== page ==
The economy has remained remarkably resilient this year.
October 24, 2023
The Federal Reserve’s semiannual Financial Stability Report assesses the stability of the U.S. financial system by analyzing asset valuations, borrowings by businesses and households, leverage and funding risks. In its latest report, for lack of a more precise term, the Federal Reserve painted a picture of stability. For example, corporate bond spreads narrowed and remain near the middle of their historical range; balance sheets for both households and businesses remain solid; and the banking sector remains sound and resilient. Household balance sheets remain strong as many households purchased homes when interest rates were low.
However, what drew our interest are the potential tail risks that include higher interest rates, systemic stress from commercial real estate, slowing revenue growth amongst companies, declining interest coverage ratios and rising geopolitical concerns. Those shifts are one reason the Fed may be reluctant to raise rates again, even though the economy remains remarkably resilient; it does not want to add additional uncertainty and risk to what could be a situation that could shift and add downside risk to the outlook in 2024. The economy has remained remarkably resilient this year, despite the most aggressive monetary tightening we have seen in decades. That is not something that the Fed takes for granted; it is welcome news, even if it means that rates need to stay even higher for longer.
In a survey of near-term risks to financial stability, nearly three-quarters of respondents said the top two risks are persistent inflation leading to higher interest rates and commercial real estate (CRE), up from roughly one-half of participants in the May survey. Other key concerns in the October survey, cited by about 50% of participants, included banking-sector stress, market liquidity strains, fiscal debt sustainability and weakness in the Chinese economy and the financial sector. Worries about China’s economy rose the most; only 12% of survey respondents cited it as a concern in May.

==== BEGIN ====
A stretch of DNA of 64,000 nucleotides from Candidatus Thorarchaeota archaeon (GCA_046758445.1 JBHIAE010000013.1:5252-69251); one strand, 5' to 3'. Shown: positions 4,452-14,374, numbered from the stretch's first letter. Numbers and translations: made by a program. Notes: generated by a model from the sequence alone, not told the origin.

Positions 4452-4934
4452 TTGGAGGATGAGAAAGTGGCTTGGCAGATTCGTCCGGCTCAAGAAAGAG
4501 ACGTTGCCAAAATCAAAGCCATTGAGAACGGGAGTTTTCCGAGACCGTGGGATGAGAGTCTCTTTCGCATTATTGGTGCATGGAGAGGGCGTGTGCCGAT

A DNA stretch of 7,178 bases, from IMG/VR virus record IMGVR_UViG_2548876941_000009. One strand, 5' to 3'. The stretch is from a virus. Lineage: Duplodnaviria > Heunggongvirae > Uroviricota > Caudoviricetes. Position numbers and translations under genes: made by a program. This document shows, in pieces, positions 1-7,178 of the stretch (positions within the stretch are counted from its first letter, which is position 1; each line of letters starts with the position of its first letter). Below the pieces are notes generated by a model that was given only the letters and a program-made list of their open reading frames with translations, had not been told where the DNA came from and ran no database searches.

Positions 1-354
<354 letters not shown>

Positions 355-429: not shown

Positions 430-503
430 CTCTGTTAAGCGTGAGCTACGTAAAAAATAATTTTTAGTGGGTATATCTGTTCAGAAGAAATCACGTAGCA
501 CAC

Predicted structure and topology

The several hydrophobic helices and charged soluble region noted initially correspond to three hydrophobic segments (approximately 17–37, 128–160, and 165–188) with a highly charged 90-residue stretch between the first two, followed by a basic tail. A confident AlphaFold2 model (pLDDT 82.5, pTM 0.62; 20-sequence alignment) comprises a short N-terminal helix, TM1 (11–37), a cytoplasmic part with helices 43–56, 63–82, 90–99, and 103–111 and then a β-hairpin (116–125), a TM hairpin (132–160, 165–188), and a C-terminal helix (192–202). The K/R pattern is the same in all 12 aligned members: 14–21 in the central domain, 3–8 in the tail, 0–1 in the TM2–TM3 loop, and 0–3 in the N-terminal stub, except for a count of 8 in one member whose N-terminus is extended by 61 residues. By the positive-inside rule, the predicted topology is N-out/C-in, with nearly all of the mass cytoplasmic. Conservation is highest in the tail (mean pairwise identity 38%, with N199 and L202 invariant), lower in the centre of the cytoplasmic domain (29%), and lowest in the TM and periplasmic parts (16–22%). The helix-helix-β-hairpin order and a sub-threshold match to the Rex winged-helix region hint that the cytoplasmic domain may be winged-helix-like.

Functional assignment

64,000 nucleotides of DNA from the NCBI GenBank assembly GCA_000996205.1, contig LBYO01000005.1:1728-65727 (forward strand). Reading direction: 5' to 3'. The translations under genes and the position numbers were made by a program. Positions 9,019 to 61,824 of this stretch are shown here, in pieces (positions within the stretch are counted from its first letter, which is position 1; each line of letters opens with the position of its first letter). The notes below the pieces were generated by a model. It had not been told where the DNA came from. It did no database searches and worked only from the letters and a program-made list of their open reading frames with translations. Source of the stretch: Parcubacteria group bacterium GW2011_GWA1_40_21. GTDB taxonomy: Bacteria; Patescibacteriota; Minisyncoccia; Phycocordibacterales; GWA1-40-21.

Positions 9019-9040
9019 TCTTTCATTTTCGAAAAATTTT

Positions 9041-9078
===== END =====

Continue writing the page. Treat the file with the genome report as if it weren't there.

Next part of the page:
The Fed noted the current survey does not reflect geopolitical tensions following the attack on Israel because the survey closed on October 4, 2023. Survey respondents included market participants, researchers and academia. The shifts due to tensions in the Middle East will not be revealed in that survey until the data on the fourth quarter is released in early 2024.
Many contacts expressed concern that a reacceleration in inflationary pressures could result in additional tightening in monetary policy which could induce a recession. If that were to occur, profits and revenues for businesses would decline, leading to financial distress for some due to falling interest coverage ratios. In the latest report, the Fed said risky borrowers’ ability to service their debt burdens has started to show signs of weakness. This situation would become worse if economic activity contracted. Bankruptcies have begun to rise albeit off of low levels. Those shifts could further crimp lending standards if they continue their upward pace.